London was no stranger to plague. The disease had occurred at regular intervals over the years. Indeed, in 1625 no fewer than 40,000 citizens had succumbed to the scourge. At the time, the cause of the disease was not known. In fact, the culprits were fleas, hosted by black rats.
The victims were the poor and those already sick from other causes. Such was the virulence of the plague that 7,400 souls perished in one week in September, 1665, and 70-100,000 in total. Although disease is no respecter of persons, the Court and the rich were able to move out into the countryside, thus escaping from the squalor and deprivation in the city.
An entry in the diary of Samuel Pepys describes the scene as he saw it:
16th October, 1665: But, Lord, how empty the streets are, and melancholy, so many poor sick people in the streets, full of sores, and so many in this place, and so many in that. And they tell me that in Westminster there is never a physitian (sic), and but one apothecary left, all being dead – but that there are great hopes of a great decrease this week: God send it.”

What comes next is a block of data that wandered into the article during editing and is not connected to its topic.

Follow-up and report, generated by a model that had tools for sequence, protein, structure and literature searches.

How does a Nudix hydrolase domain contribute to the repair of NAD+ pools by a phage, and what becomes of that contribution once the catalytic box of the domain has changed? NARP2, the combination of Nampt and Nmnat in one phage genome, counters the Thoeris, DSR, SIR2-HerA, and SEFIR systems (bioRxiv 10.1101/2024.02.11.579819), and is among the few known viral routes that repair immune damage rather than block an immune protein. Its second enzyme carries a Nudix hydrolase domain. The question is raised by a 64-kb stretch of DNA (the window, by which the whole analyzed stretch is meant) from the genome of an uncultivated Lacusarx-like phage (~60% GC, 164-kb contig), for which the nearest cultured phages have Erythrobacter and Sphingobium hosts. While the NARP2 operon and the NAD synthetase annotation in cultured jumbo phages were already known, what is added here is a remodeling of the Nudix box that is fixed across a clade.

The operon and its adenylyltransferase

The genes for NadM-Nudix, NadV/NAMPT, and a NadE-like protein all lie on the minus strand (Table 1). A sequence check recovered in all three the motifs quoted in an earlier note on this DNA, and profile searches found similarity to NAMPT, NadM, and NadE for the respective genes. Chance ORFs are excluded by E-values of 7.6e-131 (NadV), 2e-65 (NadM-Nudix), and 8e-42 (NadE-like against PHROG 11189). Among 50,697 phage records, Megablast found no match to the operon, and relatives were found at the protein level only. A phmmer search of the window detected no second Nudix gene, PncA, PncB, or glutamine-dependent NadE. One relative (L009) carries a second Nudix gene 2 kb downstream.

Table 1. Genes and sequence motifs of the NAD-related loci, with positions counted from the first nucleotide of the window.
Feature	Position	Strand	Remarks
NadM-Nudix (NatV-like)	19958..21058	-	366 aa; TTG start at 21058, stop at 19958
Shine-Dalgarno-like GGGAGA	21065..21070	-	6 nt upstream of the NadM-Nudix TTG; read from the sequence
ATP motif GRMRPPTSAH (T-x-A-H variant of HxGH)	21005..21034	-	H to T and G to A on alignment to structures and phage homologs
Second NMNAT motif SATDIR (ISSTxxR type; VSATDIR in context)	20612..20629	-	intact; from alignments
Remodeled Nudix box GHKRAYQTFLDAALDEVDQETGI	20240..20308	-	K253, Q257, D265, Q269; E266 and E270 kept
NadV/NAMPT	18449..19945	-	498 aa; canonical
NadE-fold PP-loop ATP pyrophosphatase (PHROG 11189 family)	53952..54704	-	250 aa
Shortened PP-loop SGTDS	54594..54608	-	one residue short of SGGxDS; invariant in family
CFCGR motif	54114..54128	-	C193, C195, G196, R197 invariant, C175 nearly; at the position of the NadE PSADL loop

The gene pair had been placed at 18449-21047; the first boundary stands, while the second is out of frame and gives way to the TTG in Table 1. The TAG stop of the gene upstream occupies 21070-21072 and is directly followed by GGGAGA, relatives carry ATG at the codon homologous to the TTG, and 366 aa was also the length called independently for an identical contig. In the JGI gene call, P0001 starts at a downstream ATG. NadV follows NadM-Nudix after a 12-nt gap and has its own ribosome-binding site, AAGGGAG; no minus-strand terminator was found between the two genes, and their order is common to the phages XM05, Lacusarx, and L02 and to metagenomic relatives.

There are three types of plague: bubonic, pneumonic and septicaemic. Bubonic plague attacks the lymph nodes; pneumonic plague attacks the lungs and is highly infectious, being airborne; septicaemic plague is a blood-infected bacterial disease. The prognosis for any of these afflictions is dire.
As autumn gave way to winter, the incidence of the disease fell away. People developed immunity and effective quarantine measures were introduced to shipping entering the country. Thankfully, Britain never experienced another calamity like this again.
Sources: The National Archive *********** The Diary of Samuel Pepys: A Selection, Penguin Classics, 2003